One Giant Leap for Camper-kind

Posted on: July 23, 2018

YMCA campers think on, and off, their feet to solve projects at STEM Fair

BY JANE HAMMOMD EJHAMMOND@DAILYPRESS.COM

HAMPTON – Boat builder Melody Jones was pretty proud of her cargo ship on Thursday.

The bright red USS Caring, as she and her teammates dubbed it, bobbled up and down in the water as industry experts from the likes of Canon and NASA looked on.

The ship, made solely of duct tape, took on no water as metal nut after metal nut was loaded aboard it.

The adults asked the group inportant questions about its construction and purpose.

Of course a cargo ship like the Caring should travel down rivers slower rather than faster, Melody said, “so stuff doesn’t fall off.”

Melody was one of more than 1,300 summer campers from across more than a dozen Peninsula YMCA branches (from the Northern Neck to Isle of Wight County) who flooded the Virginia Air & Space Center Thursday for the YMCA’s fifth annual STEM Fair, focusing on science, technology, engineering and math.

The boat challenge was a culmination of weeks of STEM-based projects held at each branch this summer. Younger grades were tasked with making one out of duct tape to hold a heavy load, while the upper grades had a few supplies, such as aluminum foil and cork, to design a barge to transport oysters from Lancaster County to Smithfield. For those who weren’t being judged as finalists in the challenges, there wa still plenty to do. Frintier, The Williamsburg Drone Club and Newport News Shipbuilding were among the many local groups that set up activities and informational stands around STEM concepts.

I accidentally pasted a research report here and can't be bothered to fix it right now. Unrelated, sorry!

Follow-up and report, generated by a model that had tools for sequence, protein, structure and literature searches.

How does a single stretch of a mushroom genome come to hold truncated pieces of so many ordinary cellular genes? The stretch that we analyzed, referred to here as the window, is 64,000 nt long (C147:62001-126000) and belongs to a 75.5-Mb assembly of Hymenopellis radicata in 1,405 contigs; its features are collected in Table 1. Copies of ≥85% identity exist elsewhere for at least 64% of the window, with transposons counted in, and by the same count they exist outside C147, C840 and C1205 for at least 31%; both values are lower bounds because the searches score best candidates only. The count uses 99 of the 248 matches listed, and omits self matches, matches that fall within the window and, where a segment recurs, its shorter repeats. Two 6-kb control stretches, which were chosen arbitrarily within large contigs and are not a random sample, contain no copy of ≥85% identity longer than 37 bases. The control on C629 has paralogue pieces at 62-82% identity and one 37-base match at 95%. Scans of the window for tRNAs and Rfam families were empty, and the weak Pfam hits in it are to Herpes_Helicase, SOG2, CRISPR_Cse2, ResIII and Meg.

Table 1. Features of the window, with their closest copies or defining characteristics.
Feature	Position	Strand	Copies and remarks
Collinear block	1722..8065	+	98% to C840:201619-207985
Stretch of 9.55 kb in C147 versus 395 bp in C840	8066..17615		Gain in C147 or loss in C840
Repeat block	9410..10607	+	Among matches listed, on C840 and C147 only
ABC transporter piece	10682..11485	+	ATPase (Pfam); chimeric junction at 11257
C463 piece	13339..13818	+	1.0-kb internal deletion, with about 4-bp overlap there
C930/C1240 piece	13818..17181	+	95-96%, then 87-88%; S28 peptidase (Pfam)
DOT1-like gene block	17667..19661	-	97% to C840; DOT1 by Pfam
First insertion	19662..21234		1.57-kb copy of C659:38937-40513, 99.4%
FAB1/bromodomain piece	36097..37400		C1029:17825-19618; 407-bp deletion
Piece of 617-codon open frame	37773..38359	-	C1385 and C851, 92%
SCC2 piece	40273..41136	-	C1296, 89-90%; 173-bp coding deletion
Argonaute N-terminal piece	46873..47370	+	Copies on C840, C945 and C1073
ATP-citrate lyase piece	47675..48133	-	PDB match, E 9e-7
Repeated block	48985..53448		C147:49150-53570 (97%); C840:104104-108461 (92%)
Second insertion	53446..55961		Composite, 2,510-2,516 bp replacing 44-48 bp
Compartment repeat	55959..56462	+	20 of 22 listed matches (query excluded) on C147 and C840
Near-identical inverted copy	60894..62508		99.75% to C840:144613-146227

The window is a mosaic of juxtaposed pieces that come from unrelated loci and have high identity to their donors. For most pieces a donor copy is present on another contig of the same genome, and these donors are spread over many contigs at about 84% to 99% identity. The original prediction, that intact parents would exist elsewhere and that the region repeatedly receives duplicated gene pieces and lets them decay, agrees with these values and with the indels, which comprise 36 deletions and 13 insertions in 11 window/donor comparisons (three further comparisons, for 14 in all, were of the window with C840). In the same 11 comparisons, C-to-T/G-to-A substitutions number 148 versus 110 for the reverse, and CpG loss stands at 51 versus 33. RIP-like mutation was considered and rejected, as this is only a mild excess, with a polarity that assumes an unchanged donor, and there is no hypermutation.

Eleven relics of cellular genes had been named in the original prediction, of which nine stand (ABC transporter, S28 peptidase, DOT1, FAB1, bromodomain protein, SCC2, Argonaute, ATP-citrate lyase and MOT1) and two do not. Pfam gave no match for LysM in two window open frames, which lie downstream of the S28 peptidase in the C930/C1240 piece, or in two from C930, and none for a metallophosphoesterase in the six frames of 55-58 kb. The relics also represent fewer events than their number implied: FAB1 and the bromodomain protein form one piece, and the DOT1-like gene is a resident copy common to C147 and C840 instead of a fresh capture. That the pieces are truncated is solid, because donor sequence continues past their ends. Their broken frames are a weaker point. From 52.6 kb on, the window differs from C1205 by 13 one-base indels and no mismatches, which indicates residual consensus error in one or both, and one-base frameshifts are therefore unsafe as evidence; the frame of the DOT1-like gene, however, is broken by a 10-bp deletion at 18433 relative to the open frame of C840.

“So they get the opportunity not only to do activities and learn, but they’re interacting with people who are in career fields,” said Stacia Roeth, chief operating officer of the Peninsula YMCA. “So maybe it will spark some thought somewhere along the say down the road, that a camper says, ‘I want to be a scientist, (or) I want to be an engineer, (or) I want to design boats that are going to go down the river.’ This is a place where they can spark that thought.”

A big hit of the day was an exercise in physics thanks to Canon Virginia.

Campers used paper and other supplies to make small “rockets” that were launched using some PVC piping and plastic bottles.

They enthusiastically launched their vehicles by jumping atop the bottles and watching their paths.

Thomas Wheeless, a mechanical engineer, said he even noticed one camper testing her rocket five times on a smaller launchpad, noting that she would methodically compare those results against ones from the bigger bottle.

Allyson Goard, 7, also launched her rocket over and over again before playing with magnetic tiles to build new structures alongside Kynedi Barnes, 7.

They both said they learned about science, which “can be really difficult,” Kynedi said.

But it’s worth it, Allyson added.

“Learning about these planes and stuff,” she said, looking around the displays hanging in the center, “is really fun.”

Hammond can be reached by phone at 757-247-4951.

 

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